Step 1: Find and prepare a location. Choose a location for your pile. Check to see if there are any local zoning restrictions or regulations pertaining to composting. Pick a spot somewhat out-of-sight but close to your garden and landscaping. Clear the area and, if you wish, contain it with snow fence or other fencing. Measure a space thatís no smaller than three square feet to allow the compost heap to work effectively but no larger than five square feet to allow it to be manageable. Choose an area with good drainage thatís sheltered from direct light and strong winds. It helps to be able to reach the compost heap with a hose as it has to be watered from time to time.
Step 2: Drive the fence posts into the ground. Drive fence posts into the four corners of the area you have selected for your compost heap. Make sure that the posts are plumb so that the fence will wrap evenly around them.
Step 3: Install the wire fencing. There are many types and sizes of wire fencing. We have chosen vinyl-coated, welded mesh utility fencing. Mesh fencing typically comes in 50-foot rolls. This fence material is easy to handle, colorful and resists rust. The open mesh allows air to reach the compost. Each of the four posts has small hooks to which you can attach wire fencing. Hold the wire mesh under the hooks on the first fence post and hammer the hooks over the mesh wire to secure the fencing in place.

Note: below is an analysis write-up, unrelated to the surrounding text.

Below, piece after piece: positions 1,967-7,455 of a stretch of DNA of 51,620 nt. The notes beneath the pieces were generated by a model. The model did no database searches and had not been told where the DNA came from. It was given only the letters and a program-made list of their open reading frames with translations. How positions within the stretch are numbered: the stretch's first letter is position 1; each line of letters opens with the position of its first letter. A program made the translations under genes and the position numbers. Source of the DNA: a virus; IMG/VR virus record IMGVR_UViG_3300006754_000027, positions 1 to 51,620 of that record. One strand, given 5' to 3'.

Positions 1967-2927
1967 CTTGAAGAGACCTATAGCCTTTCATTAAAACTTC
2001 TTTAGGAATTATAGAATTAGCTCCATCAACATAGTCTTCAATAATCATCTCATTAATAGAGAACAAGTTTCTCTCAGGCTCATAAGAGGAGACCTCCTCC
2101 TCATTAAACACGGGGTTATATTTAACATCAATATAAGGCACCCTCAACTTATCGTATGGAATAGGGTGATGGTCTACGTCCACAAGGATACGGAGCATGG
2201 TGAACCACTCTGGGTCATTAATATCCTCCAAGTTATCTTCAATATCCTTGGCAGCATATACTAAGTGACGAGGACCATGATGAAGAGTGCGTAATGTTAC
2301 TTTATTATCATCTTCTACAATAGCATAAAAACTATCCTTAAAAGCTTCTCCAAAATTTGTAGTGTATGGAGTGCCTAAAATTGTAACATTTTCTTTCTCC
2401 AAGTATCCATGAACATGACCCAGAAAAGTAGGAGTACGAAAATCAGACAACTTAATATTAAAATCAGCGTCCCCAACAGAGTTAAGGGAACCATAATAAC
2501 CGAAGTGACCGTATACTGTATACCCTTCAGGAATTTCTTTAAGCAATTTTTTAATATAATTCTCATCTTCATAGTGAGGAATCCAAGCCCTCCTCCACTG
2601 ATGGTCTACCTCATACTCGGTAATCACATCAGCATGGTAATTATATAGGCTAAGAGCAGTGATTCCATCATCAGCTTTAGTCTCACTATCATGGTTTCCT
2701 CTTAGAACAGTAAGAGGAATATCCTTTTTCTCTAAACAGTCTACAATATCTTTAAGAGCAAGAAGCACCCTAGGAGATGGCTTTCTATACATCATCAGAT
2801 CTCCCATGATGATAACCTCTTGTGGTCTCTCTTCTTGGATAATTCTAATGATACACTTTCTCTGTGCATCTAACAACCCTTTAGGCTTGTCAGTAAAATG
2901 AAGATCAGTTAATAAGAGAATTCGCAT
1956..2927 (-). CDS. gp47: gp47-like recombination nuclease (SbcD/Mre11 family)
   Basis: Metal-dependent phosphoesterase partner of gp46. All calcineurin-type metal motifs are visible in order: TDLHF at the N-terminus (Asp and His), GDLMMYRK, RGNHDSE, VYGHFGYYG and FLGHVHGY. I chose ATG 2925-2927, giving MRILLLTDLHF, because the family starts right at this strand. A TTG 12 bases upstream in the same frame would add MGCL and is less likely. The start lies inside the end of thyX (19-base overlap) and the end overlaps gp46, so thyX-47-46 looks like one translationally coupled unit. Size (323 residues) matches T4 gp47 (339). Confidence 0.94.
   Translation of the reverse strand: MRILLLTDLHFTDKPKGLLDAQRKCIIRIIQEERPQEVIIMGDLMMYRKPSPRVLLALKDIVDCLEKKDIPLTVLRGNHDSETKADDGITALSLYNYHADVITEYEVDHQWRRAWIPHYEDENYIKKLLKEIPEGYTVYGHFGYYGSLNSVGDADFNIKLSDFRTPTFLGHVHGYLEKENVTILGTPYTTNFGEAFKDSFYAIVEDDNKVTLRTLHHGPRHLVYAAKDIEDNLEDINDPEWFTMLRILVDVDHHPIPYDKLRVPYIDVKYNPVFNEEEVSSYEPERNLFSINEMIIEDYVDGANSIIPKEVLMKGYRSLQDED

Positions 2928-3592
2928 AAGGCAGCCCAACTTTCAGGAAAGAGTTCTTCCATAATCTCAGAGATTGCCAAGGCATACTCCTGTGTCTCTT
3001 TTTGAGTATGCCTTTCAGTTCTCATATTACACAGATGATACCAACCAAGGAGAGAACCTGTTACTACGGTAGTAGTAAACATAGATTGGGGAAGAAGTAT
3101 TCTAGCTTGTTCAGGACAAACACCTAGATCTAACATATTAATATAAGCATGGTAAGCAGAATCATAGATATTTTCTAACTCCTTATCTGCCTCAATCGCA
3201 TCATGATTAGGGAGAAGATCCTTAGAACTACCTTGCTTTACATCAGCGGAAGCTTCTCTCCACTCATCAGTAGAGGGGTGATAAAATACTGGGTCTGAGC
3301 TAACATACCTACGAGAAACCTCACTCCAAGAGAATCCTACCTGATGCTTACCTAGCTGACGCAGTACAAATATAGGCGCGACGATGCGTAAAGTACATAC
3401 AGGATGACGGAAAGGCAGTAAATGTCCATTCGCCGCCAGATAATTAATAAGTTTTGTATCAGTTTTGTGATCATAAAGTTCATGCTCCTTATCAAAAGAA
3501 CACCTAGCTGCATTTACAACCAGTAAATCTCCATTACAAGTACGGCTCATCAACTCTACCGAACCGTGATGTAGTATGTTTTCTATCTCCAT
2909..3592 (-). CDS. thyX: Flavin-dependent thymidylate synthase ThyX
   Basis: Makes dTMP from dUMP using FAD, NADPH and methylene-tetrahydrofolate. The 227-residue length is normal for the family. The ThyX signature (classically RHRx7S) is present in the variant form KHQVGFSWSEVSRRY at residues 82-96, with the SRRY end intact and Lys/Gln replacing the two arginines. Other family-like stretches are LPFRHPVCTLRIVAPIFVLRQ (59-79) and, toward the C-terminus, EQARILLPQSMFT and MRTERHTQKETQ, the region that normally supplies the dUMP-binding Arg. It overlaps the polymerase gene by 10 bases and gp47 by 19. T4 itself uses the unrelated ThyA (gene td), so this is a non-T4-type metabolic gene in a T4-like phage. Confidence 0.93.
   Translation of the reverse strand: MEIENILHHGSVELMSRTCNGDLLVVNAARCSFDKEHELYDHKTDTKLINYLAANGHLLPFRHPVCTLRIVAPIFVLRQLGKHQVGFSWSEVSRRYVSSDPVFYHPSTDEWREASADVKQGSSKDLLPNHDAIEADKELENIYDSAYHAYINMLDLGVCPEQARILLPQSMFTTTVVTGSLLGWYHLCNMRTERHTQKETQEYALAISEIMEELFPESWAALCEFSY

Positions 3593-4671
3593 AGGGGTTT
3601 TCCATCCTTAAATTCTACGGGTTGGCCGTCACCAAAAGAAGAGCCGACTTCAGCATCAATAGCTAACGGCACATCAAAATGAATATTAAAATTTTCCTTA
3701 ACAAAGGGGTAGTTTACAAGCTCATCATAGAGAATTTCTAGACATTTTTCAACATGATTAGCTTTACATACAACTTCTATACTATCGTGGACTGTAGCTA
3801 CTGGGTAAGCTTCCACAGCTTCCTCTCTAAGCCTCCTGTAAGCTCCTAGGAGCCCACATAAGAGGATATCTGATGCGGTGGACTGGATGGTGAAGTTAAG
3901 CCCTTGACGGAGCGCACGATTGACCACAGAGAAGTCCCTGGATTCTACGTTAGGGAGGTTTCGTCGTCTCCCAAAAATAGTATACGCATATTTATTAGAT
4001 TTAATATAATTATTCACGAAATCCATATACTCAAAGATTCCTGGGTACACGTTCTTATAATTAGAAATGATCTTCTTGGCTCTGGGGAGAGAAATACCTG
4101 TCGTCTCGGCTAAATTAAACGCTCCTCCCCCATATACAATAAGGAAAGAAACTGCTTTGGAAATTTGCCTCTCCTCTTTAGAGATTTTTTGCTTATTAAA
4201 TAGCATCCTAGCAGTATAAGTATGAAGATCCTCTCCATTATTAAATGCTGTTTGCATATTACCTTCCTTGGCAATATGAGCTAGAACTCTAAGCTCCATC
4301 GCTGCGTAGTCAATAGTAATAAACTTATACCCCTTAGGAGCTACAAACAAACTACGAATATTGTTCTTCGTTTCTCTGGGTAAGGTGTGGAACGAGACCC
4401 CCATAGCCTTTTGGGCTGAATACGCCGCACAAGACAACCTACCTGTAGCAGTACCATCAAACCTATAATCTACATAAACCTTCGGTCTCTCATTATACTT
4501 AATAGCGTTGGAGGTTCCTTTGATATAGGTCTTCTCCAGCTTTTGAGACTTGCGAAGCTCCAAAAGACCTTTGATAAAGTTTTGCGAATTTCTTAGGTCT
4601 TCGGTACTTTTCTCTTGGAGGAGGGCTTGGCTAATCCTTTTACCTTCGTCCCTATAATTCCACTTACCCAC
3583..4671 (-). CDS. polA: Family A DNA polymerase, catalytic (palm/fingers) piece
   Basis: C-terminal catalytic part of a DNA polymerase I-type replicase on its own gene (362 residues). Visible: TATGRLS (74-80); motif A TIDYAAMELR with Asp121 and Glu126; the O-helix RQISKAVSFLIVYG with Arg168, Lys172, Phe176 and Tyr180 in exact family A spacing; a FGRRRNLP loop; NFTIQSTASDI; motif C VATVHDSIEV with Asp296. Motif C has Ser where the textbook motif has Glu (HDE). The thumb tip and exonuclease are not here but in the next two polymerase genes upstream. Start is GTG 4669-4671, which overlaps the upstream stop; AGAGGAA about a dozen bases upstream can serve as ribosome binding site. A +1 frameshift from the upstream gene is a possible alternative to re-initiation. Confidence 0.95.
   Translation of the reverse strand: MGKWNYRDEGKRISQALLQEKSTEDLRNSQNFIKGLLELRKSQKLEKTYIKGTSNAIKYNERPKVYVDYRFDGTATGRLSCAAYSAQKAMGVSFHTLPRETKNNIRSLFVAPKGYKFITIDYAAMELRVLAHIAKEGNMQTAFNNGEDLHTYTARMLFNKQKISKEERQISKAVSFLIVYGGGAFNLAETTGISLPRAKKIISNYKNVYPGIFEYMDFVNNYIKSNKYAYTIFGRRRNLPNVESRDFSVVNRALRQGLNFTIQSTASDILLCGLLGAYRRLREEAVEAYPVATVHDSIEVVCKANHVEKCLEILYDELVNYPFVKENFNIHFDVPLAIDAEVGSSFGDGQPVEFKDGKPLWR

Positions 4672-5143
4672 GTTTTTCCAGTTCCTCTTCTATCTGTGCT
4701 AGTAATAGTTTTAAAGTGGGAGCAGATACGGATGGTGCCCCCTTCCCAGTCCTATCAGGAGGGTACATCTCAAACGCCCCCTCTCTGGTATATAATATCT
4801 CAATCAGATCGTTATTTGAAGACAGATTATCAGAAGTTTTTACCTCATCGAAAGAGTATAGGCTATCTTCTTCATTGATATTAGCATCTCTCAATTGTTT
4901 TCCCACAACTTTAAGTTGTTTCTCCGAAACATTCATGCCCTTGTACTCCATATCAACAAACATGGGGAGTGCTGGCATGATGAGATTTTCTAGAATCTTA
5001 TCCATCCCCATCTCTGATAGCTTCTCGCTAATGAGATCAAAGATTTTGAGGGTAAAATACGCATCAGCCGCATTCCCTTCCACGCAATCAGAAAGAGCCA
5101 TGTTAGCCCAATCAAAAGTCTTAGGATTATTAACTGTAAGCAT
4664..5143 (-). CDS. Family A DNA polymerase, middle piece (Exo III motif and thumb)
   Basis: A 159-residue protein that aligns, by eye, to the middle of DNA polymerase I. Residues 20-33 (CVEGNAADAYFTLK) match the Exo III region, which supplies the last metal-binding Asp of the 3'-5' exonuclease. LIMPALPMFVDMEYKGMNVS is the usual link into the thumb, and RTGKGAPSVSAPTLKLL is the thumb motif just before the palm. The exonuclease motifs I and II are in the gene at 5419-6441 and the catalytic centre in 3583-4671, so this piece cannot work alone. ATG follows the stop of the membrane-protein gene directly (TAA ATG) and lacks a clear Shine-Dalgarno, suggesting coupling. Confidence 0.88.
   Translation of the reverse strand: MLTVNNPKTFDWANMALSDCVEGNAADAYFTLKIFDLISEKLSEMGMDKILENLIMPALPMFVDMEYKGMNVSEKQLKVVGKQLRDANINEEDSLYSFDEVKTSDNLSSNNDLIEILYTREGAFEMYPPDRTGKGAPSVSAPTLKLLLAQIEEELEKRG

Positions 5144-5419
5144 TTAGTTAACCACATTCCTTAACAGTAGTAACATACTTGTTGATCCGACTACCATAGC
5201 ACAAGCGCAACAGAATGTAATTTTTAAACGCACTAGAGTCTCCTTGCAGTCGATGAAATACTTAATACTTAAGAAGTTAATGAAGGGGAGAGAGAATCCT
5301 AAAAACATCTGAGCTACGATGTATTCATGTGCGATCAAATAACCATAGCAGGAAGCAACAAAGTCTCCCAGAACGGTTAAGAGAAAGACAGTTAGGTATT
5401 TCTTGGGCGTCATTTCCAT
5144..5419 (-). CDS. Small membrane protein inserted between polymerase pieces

Step 4: Continue installing the fencing. Pull the wire fencing tightly around the other three posts to form a three-sided container for the compost heap. Leave the front, or fourth, side open. Using electricianís pliers, cut off the section of mesh you are going to use from the rest of the roll. Continue to secure the rest of the fence to the posts.
Step 5: Cut the top of the fence and fold over the edges. Cut the mesh fencing one or two sections higher than the fence post. Next, fold over the mesh fencing, which will help protect you and your family from the sharp edges. With all the edges folded over, you now have a simple, three-sided container for your new compost heap.
Step 6: Create the green and brown layers of the compost heap. You begin a compost heap by creating layers of organic material. Start with a six to eight-inch layer of organic green materials like grass clippings, the rakings from weed whacking and yard trimmings. You can include all your organic kitchen scraps such as vegetable peelings, old salads, fruits and vegetables. The nitrogen in the green materials provides microbes that break down the pile into usable compost. You can even throw in coffee grounds and filters as well as dryer and vacuum lint. Add six inches of brown organic ingredients, such as dry leaves and small twigs or wood chippings from carpentry projects. These brown materials provide carbon necessary to generate fuel to break down the organic materials. Note: Small pieces break down fastest, so itís best if leaves are shredded.
Layer brown organic materials over the green organic materials.